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Babe Ruth Yankees jersey sells for $5.64 million — a record price

Babe Ruth, shown in an undated photo, transcended his sport as few athletes ever have. (Associated Press file) (AP)

Babe Ruth is still producing eye-popping numbers 84 years after his baseball career ended.

A New York Yankees jersey said to have been worn by Ruth during the team’s “Murderers’ Row” period of the late 1920s fetched $5.64 million at auction over the weekend. That set a record, by more than a million dollars, for a piece of sports memorabilia.

The record had been set by a 1920 Ruth jersey, which sold for just more than $4.4 million in 2012. This weekend’s auction was at Yankee Stadium, with a trove of items contributed by members of Ruth’s family.

“I just want people to enjoy and appreciate my grandfather’s stuff,” Ruth’s granddaughter Linda Ruth Tosetti said before the event, which was conducted by Pennsylvania-based Hunt Auctions.

“The legacy and significance of Babe Ruth to the game of baseball and American popular culture is unmatched by any other figure in the history of this country,” the company’s president, David Hunt, said in a statement. “We were completely humbled for this opportunity afforded to our company by the Ruth family to present this previously unknown archive of materials to Babe’s adoring fans.”

“While the record-setting prices attained today are certainly astonishing, I am not surprised at all given the incredible materials and the mythical status the Babe holds in the history of this country,” Hunt added.

Tosetti said a portion of the auction’s proceeds would go to charity. In announcing the event in December, she said (via Newsday) that she struggled with the decision to part with so many items but that younger members of the family indicated they were unable or unwilling to continue to store so much Ruth memorabilia.

In a career that started with the World War I-era Boston Red Sox before he was infamously traded to the Yankees, the “Sultan of Swat” revolutionized and transcended baseball. Ruth slugged home runs at a pace that had never been seen and would not be matched for decades, and his bon-vivant personality made him a household name and marketing sensation.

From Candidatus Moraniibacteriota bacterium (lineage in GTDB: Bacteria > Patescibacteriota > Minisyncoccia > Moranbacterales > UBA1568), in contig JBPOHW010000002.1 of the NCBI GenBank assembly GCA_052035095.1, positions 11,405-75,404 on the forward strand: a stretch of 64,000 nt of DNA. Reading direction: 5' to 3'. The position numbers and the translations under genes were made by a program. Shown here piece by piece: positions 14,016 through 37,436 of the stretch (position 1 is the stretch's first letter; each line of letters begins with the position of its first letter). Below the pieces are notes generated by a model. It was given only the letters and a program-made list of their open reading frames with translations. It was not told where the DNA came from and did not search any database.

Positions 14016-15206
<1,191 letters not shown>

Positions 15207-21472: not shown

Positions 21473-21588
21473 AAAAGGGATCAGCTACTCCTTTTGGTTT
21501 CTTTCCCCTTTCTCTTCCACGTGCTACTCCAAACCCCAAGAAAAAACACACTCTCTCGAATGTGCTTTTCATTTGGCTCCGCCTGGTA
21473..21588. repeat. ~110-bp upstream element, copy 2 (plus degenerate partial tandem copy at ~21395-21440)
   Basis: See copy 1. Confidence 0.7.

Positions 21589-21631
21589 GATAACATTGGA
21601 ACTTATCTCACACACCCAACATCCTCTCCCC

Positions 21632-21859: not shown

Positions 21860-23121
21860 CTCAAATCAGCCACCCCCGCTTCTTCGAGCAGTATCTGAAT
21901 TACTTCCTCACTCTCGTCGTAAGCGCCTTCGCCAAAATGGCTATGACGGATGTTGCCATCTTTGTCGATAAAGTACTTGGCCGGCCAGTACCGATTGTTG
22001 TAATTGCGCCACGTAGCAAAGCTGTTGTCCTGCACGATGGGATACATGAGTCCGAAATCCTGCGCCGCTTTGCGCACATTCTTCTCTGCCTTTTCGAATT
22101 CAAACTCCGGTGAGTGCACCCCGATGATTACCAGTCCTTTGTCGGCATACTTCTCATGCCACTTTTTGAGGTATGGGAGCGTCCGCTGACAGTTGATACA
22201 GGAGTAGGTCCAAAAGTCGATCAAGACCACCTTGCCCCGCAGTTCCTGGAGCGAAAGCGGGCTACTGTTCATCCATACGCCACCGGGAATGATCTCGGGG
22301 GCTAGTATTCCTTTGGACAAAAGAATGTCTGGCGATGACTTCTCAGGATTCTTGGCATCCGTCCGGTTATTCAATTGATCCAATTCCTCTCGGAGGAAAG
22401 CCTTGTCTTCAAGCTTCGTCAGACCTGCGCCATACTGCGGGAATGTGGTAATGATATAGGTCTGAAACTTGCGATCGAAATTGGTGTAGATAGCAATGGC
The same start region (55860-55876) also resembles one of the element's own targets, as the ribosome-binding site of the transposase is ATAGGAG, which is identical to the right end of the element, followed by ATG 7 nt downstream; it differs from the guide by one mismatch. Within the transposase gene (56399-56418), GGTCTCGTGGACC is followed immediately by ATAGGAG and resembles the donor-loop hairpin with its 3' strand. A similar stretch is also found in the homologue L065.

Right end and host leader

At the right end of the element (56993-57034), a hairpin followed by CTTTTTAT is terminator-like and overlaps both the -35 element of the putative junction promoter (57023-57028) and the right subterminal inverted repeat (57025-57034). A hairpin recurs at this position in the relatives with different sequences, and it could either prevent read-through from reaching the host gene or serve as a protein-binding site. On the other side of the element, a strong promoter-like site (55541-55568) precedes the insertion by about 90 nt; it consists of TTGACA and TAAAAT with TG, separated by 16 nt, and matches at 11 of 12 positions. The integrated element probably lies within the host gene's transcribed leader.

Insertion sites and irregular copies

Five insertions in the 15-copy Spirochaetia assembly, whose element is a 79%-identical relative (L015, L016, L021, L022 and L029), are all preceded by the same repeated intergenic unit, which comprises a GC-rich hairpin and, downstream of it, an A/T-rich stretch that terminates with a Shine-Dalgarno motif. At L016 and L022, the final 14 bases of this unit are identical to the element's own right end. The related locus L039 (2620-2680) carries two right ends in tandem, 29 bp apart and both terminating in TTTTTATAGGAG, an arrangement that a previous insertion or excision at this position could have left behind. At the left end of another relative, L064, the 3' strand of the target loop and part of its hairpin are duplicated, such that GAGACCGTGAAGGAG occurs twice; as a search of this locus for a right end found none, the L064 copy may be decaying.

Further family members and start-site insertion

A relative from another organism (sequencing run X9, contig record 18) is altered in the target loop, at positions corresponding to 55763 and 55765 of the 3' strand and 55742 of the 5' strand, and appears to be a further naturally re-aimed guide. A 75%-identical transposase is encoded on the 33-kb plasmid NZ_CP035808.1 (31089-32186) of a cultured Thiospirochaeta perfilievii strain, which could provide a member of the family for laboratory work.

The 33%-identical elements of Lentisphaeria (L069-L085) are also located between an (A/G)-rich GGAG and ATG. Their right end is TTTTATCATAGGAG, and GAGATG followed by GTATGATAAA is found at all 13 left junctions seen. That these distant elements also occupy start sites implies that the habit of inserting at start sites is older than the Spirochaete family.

In its extensive write-up, Hunt Auctions noted that Ruth’s success as a pitchman contributed to a large variety of items made available over the years. However, the auction house claimed that game-worn apparel is extremely rare, with the jersey sold Saturday the only one of its kind from the “Murderers’ Row” period. That was when, for the only time in franchise history, the Yankees bore their team name on the front of their jerseys. Hunt Auctions said it was likely that Ruth wore the jersey it auctioned in 1928 or 1929.

The only drawback for collectors might have been that the jersey could not be attributed to the legendary 1927 Yankees, considered by many to be the greatest team in major league history. In addition, the gray-flannel garment was worn during road games, so it lacks the Yankees’ iconic pinstripes.

Nevertheless, the rarity of the item and Ruth’s still-revered status meant that the availability of the jersey created headlines and predictions of a record price. The identity of the purchaser has not been disclosed.

“It’s a superlative piece of American history, not just sports history,” Hunt said of the jersey (via Newsday). “It embodies everything about baseball history, about collecting, iconic people, pop culture, you name it.”

Hunt claimed his company and “others in the industry” had “no idea” Ruth’s family was in possession of so much memorabilia.

“They did a wonderful job keeping it quiet all those years for a lot of reasons, for security, personal reasons, what have you,” he said. “It’s really an important group of things, some of which have quite literally never been seen by the public before.”

Born in Baltimore in 1895, Ruth died in New York in 1948. He played 22 seasons between 1914 and 1935, and his 714 home runs are third all-time. He is second with 2,214 RBI and first with 182.4 wins above replacement (per Baseball Reference).

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